AUBURN — When you’re one out of 8,000, you have to find a way to dazzle.

Ashleigh Proctor did it by catching ice in a shaker and balancing bottles on her wrist before pouring their tasty contents. Another caught whipped cream in her mouth — and a bit in her nose — after it was flung across the room by a colleague. Some flipped bottles behind their backs and caught them in mid-air.

For the crew at T.G.I Friday’s, it was just another night at the office.

Sort of. The World Bartender Championship tends to bring pizazz to the business of schlepping beer and mixed drinks.

“I never imagined myself as a bartender,” said Proctor, 21. “But now I wouldn’t trade it for anything. It’s so much fun. It’s amazing.”

Proctor had just finished her routine. Think you have pressure at the office? Try performing your duties before a panel of judges and dozens of screaming bar patrons watching your every move.

“I was terrified at the beginning,” Proctor said. “I’ve never experienced anything like it.”

Friday’s was a raucous place Wednesday night as the global bar-tending contest got under way. More than 8,000 bartenders at roughly 900 T.G.I. Friday’s locations began the competition to see which would end up at the finals in Las Vegas.

It’s not just a bunch of booze slingers showing off. The yearly event raises money for the Make-A-Wish Foundation. Last year, the Auburn restaurant raised $1,200.

“We’ve already got around $800 after the first guy,” Friday’s Manager Aaron Ouellette said. “We’re going to blow last year’s amount out of the water.”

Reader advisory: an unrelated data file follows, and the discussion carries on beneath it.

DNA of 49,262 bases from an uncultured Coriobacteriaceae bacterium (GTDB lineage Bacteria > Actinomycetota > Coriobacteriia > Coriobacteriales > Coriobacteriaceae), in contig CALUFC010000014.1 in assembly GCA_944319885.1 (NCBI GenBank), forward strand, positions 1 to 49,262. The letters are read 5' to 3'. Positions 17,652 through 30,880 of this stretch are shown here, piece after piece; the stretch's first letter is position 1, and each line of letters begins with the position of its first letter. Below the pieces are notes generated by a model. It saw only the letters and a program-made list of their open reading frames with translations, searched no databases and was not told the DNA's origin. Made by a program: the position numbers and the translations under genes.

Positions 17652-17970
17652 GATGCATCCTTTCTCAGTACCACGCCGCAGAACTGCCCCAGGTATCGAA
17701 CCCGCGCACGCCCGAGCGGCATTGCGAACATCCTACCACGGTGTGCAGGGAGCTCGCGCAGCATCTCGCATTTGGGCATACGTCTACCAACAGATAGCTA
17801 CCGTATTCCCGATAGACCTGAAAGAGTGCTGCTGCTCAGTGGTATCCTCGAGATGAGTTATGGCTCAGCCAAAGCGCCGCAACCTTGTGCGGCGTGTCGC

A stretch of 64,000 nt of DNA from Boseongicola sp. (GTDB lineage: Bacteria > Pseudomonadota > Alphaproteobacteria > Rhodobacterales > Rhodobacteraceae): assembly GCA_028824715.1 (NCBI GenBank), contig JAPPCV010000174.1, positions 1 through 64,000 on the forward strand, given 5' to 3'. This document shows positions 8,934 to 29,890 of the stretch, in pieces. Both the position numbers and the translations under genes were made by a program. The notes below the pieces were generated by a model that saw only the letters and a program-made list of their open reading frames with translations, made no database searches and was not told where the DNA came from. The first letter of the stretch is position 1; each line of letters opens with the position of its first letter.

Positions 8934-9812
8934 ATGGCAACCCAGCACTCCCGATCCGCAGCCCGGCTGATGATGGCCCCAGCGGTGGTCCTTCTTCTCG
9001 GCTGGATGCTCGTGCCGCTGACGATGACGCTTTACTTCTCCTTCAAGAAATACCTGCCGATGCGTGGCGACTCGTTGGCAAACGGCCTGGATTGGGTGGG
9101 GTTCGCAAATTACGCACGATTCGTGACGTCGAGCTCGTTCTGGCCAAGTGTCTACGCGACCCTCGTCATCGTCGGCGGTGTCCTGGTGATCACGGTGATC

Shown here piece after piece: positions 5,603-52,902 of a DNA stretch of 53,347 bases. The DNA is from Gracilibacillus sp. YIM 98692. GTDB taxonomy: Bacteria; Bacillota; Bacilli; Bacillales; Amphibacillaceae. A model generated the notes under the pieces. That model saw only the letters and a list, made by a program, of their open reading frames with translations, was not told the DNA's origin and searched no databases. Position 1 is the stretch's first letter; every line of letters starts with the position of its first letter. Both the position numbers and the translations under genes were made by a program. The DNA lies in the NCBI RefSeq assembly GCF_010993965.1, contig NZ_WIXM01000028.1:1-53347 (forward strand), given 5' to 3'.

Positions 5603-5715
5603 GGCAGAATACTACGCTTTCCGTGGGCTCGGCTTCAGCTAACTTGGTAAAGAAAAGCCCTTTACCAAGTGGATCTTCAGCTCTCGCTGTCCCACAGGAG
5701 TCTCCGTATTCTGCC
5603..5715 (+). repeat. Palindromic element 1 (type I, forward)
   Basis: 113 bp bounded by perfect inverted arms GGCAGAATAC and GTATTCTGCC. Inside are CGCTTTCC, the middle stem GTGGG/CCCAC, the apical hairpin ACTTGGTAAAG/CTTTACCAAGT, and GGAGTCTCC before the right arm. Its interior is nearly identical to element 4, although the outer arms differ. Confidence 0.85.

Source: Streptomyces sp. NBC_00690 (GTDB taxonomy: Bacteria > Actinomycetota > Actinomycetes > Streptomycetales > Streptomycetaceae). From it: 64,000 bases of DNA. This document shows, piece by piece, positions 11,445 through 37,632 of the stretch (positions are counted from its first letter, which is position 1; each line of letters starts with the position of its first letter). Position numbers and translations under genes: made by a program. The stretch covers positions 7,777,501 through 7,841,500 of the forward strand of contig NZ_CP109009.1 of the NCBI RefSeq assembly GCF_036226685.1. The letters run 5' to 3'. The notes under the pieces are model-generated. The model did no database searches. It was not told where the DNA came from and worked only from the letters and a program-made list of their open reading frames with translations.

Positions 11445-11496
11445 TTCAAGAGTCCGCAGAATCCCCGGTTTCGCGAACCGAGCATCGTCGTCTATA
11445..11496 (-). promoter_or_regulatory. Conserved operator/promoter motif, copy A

The “first guy” he spoke of was 22-year-old Dustin Lessard, who was the first bartender to perform Wednesday night. Like Proctor, Lessard is a top-ranked bartender; he can flip and shake and pour with the best of them.

Winded and sweaty after his outing behind the bar, Lessard was nonetheless smiling.

“There’s nothing wrong with getting paid to mix liquor and throw bottles around,” he said.

The patrons seemed particularly enthusiastic this year. There were auctions between acrobatic displays from the bartenders. Local businesses donated items like Red Sox memorabilia, hotel reservations, free tattoos, even a day on the range firing automatic weapons.

Then there were the full-on fans of the bar scene. Paul Cole and Cecilia Hunter interrupted a camping trip in Hebron to attend the event. They got seats at the bar close to the action. Like safety-minded barflies, they dressed appropriately: ponchos, shower caps and goggles to protect them from flying liquor.

“It’s all part of the fun,” said Cole, who had not been drenched but was fully expecting to be.

“It’s such a fun place,” Hunter said. “I walk in and they start making my drink before I even sit down. I’m like Norm in ‘Cheers.'”
Worldwide last year, T.G.I Friday’s raised about $250,000 for the Make-A-Wish-Foundation. Ouellette said they fully expected to do as well, if not better, this year.

The bartenders were glad to do their part. After her portion of the competition was over, Proctor continued to serve drinks, albeit without the drama of bottle flips and balancing acts.

“I love the job,” she said. “I want to keep doing it for a long time.”

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C.C. Hunter, left, and Paul Cole, both of Auburn, cheer on the bartenders during the T.G.I. Friday’s World Bartender Championships in Auburn on Wednesday.

Izzy Saldana of Auburn flips a bottle of rum into the air during the T.G.I. Friday’s World Bartender Championships in Auburn on Wednesday.

Kayla Butcher of Turner gets a face full of whipped cream during the T.G.I. Friday’s World Bartender Championships in Auburn on Wednesday.


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